Dealerships offer extended warranties to supplement reduced prices on the showroom floor, to push people into high-interest, low-payment deals at the last second, and to ensure that people go to dealerships (instead of small businesses and competitors) for servicing. On top of all that, dealerships don’t always honor extended warranties, and most of the money from them goes toward a dealer’s commission, not a vehicular social security program.

The average extended warranty for a car costs between $350 and $750 a year (plus interest, if you add the warranty cost to your loan). And, in most cases, an extended warranty won’t cover routine maintenance (which costs less than $100 a year when paid out of pocket and prevents most unexpected breakdowns).

If you take that $350-$700 and stick it in your savings account, you’ll have more than enough money to pay for any surprise repairs. If you do run into a problem that’s too expensive to deal with (an engine replacement, for example), you can sell your car and use your savings as a down payment on a new one. This way, you also avoid Blue Book depreciation and future breakdowns (after one serious failure, cars tend to suck the money out of your wallet).

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Are You Watching 4K Content? Here’s How to Tell

A couple of athletes play soccer on a 4K TV.
Krivosheev Vitaly/Shutterstock

A common complaint about 4K TVs is that they don’t look any better than HD TVs. But the problem is rarely the TV’s fault. Often, the content that you’re watching simply isn’t in 4K.

As you’d expect, TVs know what resolution they’re displaying. But they generally won’t tell you. Most TVs don’t have an option to check whether you’re watching something in 4K, 1080p, or any other resolution. You’ll need to understand what content is available instead.

Why You Can’t Tell the Difference Between 4K and HD

There are several reasons why your new 4K TV may look identical to your old HD TV. The issue may be that your source video isn’t actually in 4K, but before we get into that, let’s knock out some of the more typical reasons why your 4K TV looks just like an HD TV:

  • Your TV Is Small: Resolution is determined by the number of pixels in an image. As screens get larger, the space between those pixels increases, which can decrease the visual quality of an image. That said, 1080p starts looking “bad” at around 60″, and that’s where you can really see the difference between 4K and HD.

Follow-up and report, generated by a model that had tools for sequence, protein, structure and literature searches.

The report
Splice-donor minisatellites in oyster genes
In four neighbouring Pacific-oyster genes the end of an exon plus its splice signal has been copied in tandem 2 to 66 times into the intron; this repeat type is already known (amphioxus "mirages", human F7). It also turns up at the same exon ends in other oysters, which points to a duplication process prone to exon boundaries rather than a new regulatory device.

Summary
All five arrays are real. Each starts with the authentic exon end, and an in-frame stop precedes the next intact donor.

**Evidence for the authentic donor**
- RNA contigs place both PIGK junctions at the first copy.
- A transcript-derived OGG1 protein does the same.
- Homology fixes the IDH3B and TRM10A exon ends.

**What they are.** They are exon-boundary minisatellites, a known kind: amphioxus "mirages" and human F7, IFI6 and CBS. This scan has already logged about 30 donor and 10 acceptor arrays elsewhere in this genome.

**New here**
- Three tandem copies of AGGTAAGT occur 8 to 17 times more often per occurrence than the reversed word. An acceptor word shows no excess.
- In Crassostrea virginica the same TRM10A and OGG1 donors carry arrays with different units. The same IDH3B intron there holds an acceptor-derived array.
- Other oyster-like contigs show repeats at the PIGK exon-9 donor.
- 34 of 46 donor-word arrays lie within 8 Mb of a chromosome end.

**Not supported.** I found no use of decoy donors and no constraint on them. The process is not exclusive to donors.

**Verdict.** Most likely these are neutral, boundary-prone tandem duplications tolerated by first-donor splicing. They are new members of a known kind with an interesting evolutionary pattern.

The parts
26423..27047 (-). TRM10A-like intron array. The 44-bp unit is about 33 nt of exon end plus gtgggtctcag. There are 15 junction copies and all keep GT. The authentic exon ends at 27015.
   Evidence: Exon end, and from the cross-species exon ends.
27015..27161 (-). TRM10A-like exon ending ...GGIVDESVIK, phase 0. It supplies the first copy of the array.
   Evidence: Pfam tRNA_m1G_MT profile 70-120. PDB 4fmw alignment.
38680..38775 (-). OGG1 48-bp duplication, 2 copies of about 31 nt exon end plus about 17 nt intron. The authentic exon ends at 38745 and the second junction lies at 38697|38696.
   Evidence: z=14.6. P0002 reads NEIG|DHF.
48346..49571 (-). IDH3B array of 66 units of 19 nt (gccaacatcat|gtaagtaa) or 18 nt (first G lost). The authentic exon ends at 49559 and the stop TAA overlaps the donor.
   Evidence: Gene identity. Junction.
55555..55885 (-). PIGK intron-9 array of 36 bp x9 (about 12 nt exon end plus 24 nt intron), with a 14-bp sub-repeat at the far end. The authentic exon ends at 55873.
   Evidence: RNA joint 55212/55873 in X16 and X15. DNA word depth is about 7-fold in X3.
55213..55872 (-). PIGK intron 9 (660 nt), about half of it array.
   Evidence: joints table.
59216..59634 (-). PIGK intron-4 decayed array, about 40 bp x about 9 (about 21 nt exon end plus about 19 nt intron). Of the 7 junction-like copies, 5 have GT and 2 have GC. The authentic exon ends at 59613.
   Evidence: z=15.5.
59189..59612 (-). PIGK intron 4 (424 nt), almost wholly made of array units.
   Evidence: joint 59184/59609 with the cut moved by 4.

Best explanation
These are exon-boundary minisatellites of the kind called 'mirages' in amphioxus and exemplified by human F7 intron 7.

• Your TV Needs Calibration: Like a computer monitor, your TV needs to be calibrated for color, brightness, and contrast. This is usually done by the manufacturer, but if you’re disappointed by the quality of your TV, then it probably needs to be calibrated. Additionally, you should turn off any motion smoothing on your TV.
  • Your TV Is Cheap: Not to be rude or condescending, but cheap TVs can look like crap. If a 4K TV is made from cheap components, then it may not look any better than an HD TV. Plus, some cheap 4K TVs aren’t UHD TVs, which means that they lack modern contrast and coloring technologies. (UHD is the TV equivalent of Apple’s Retina display).
  • You’re Using RCA Cables: Don’t use the colored jacks behind your TV, use an HDMI cable. RCA cables have been around since the ’50s, and while newer component RCA cables are capable of transmitting high-resolution video signals, they’re almost always capped at 1080p.
  • It’s Just You: All humans are capable of seeing the difference between 4K and 1080p. 4K is four times the resolution of 1080p, after all. But if your expectations are too high, the difference may seem negligible to you.

If your 4K TV still looks bad despite its size, price tag, and proper calibration, then the issue probably lies with your source video.

Upscaling can help make 1080p content look better on a 4K TV. But upscaling isn’t magic, and you’ll get the best picture with native 4K content.

Cable Doesn’t Support 4K Yet

For whatever reason, you can’t get cable in 4K. The high-resolution format has been around for a long time, but it’s generally useless if you’re just watching cable TV. Some set-top boxes support 4K streaming and video downloads, but don’t let the cable company fool you, cable TV maxes out at 1080p.